In a little less than a month, Japanese artist Kenshi Yonezu will release STRAY SHEEP, his newest album and the most anticipated release in the J-pop industry this year. Part of its appeal lies in how it collects a handful of the biggest Japanese hits of the last three years, and gathers them in one place. “Lemon” stands as the most viewed Japanese song of all time on YouTube, closing in on 600 million plays, while “Paprika” is a number known by people ages four to 84 (albeit in its kid-delivered version). Other previously released numbers set to appear on the collection have appeared in movies, or have just simply been around long enough to have won over fans. As a document of a very specific time in Japanese music history, STRAY SHEEP will be massive.
Yet it gets all this hype because Yonezu himself just does more with the J-pop format than most others occupying the top levels of the industry. The advanced singles have already shown that — how is this a hit? And why couldn’t it have happened sooner! — but what he does next is just as anticipated. New number “Kanden,” released over the weekend, shows why it’s all justified, while illustrating one of the things Yonezu does so well — focuses on the details. Watch the video, wherein Yonezu shows off his dance moves, below.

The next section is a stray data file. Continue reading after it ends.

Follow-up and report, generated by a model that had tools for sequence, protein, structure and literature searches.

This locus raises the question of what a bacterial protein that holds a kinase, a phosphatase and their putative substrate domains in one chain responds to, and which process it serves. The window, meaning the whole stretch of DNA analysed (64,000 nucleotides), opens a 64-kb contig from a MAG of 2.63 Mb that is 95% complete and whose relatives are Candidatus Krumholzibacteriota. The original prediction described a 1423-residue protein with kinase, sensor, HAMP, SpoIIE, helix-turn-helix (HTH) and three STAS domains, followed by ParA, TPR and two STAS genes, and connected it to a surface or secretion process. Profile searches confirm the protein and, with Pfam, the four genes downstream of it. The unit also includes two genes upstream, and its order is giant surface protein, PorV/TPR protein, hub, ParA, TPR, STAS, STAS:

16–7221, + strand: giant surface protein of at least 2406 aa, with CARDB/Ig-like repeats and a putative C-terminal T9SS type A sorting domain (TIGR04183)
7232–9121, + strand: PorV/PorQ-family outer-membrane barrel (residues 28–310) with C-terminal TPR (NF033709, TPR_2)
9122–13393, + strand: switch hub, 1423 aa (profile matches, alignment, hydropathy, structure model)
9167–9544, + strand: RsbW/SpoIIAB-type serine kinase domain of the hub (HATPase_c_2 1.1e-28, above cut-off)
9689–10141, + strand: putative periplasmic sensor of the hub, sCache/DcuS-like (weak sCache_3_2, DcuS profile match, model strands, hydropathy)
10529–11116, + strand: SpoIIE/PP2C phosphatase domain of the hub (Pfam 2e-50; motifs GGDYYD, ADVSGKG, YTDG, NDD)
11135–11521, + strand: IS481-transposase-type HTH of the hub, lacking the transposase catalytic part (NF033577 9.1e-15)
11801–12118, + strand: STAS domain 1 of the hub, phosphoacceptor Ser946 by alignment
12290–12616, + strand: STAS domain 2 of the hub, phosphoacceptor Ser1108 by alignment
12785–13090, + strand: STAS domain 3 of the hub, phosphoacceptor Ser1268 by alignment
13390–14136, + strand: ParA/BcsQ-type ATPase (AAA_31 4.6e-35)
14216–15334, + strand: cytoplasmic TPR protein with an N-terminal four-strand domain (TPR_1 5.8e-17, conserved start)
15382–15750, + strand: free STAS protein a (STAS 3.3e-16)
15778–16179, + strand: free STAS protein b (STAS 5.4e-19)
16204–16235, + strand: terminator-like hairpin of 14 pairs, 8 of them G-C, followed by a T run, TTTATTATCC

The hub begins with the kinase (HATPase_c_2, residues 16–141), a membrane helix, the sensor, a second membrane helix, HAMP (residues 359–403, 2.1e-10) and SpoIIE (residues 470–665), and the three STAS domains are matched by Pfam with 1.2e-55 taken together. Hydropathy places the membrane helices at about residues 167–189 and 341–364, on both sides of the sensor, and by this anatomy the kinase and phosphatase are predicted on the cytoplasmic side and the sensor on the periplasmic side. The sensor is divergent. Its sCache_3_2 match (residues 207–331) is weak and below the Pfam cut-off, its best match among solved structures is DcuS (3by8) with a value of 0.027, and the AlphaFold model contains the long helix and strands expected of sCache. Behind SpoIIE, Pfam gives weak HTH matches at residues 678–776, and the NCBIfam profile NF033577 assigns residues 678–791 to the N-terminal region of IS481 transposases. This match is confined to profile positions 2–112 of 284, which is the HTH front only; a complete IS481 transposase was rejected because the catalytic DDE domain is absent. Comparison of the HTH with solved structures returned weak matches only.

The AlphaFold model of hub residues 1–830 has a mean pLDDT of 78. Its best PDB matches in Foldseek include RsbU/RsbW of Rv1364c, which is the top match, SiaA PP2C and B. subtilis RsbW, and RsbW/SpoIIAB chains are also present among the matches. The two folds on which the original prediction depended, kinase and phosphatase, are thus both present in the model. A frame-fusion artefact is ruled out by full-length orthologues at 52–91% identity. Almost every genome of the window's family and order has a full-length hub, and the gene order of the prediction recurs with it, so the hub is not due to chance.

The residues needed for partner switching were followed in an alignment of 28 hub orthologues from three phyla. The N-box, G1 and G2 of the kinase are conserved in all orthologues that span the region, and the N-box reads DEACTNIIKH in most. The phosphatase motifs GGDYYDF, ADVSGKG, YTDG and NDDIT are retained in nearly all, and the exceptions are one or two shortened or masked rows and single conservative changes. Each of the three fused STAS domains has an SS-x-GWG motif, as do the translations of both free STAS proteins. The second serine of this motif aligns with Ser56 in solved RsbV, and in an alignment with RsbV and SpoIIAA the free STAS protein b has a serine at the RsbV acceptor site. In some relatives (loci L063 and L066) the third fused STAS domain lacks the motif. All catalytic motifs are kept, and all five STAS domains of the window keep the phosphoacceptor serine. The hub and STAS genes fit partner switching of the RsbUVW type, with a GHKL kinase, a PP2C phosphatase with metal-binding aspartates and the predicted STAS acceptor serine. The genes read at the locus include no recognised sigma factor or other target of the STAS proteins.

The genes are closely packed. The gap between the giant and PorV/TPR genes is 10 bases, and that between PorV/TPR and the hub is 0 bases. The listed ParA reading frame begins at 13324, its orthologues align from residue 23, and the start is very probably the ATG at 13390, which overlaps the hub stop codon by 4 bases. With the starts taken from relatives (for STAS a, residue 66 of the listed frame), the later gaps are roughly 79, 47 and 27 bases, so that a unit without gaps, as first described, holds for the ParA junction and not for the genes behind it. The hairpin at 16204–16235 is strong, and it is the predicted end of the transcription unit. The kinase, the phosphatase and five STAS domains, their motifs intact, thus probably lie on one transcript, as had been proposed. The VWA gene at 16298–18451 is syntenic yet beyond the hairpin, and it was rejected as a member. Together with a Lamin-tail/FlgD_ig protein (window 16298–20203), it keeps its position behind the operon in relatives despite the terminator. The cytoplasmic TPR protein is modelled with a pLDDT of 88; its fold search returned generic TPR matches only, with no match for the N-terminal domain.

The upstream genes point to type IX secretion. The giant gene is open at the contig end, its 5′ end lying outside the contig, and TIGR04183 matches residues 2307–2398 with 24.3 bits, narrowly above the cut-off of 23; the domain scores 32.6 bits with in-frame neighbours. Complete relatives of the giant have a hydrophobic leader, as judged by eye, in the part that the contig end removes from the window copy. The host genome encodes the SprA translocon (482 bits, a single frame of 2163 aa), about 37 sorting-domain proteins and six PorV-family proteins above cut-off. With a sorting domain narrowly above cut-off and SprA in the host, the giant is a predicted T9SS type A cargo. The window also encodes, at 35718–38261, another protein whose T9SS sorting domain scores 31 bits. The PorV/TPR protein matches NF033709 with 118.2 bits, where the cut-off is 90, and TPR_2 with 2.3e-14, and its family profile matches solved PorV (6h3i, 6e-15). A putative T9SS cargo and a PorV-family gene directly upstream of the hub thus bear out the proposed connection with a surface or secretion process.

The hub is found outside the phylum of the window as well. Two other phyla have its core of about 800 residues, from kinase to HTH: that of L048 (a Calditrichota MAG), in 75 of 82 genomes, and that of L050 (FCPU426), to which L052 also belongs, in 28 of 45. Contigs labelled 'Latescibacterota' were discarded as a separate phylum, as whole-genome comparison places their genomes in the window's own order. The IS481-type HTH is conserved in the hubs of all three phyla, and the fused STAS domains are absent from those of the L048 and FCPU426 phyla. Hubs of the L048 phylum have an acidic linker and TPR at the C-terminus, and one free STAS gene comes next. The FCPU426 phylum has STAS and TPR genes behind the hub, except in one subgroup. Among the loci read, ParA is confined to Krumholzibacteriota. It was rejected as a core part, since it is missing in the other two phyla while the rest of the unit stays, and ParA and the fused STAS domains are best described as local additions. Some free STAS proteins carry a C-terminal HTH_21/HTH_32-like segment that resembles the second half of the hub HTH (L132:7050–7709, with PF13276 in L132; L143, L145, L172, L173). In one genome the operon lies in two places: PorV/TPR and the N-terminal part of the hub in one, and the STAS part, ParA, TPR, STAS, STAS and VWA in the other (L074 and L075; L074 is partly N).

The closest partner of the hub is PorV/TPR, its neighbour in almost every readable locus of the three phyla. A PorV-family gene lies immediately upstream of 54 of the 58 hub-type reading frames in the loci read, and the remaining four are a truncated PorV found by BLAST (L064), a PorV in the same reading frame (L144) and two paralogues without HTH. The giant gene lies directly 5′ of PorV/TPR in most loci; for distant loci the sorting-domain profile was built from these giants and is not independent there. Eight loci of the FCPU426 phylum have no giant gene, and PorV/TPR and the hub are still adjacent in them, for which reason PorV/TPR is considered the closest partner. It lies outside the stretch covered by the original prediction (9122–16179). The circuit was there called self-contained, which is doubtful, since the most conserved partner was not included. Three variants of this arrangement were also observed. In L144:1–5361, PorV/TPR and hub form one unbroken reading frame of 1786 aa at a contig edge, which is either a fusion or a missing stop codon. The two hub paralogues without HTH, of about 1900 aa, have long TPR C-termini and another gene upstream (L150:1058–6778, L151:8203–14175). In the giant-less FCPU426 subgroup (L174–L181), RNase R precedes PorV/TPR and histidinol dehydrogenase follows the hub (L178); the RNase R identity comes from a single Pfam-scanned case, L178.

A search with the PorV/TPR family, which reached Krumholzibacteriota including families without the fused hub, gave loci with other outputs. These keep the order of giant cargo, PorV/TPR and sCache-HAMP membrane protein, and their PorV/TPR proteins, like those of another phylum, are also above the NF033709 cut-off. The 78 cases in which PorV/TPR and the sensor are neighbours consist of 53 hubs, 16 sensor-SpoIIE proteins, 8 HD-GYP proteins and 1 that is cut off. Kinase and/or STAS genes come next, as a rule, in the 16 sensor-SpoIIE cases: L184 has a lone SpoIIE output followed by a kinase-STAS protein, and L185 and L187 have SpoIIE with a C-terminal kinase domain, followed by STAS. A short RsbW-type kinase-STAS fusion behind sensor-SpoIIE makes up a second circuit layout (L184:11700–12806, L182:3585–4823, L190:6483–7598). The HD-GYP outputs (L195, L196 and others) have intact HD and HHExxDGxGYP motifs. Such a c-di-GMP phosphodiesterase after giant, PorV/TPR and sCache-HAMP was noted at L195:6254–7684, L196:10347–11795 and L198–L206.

“Kanden” is a funk-pop number featuring horn accompaniment and a generally lithe pace, anchored by a solid hook. It’s a logical progression for where a lot of Japanese music has been going in the last five years — thank bands like Suchmos and the mining of city pop for ideas for this path — but Yonezu finds a way to keep it fresh with little touches. “Kanden” is loaded with stray sounds that keep the song off balance. See the electronic whooshes, the samples of chimes, animal noises tied to lyrics, or even the piano melodies that sneak in underneath at times. It’s most clear in a late song breakdown, when the whole tempo changes and the song swerves to a different, more muted direction before one final burst. The basic sound of “Kanden” sounds familiar, but Yonezu has a way of finding new angles on it, without losing the catchiness.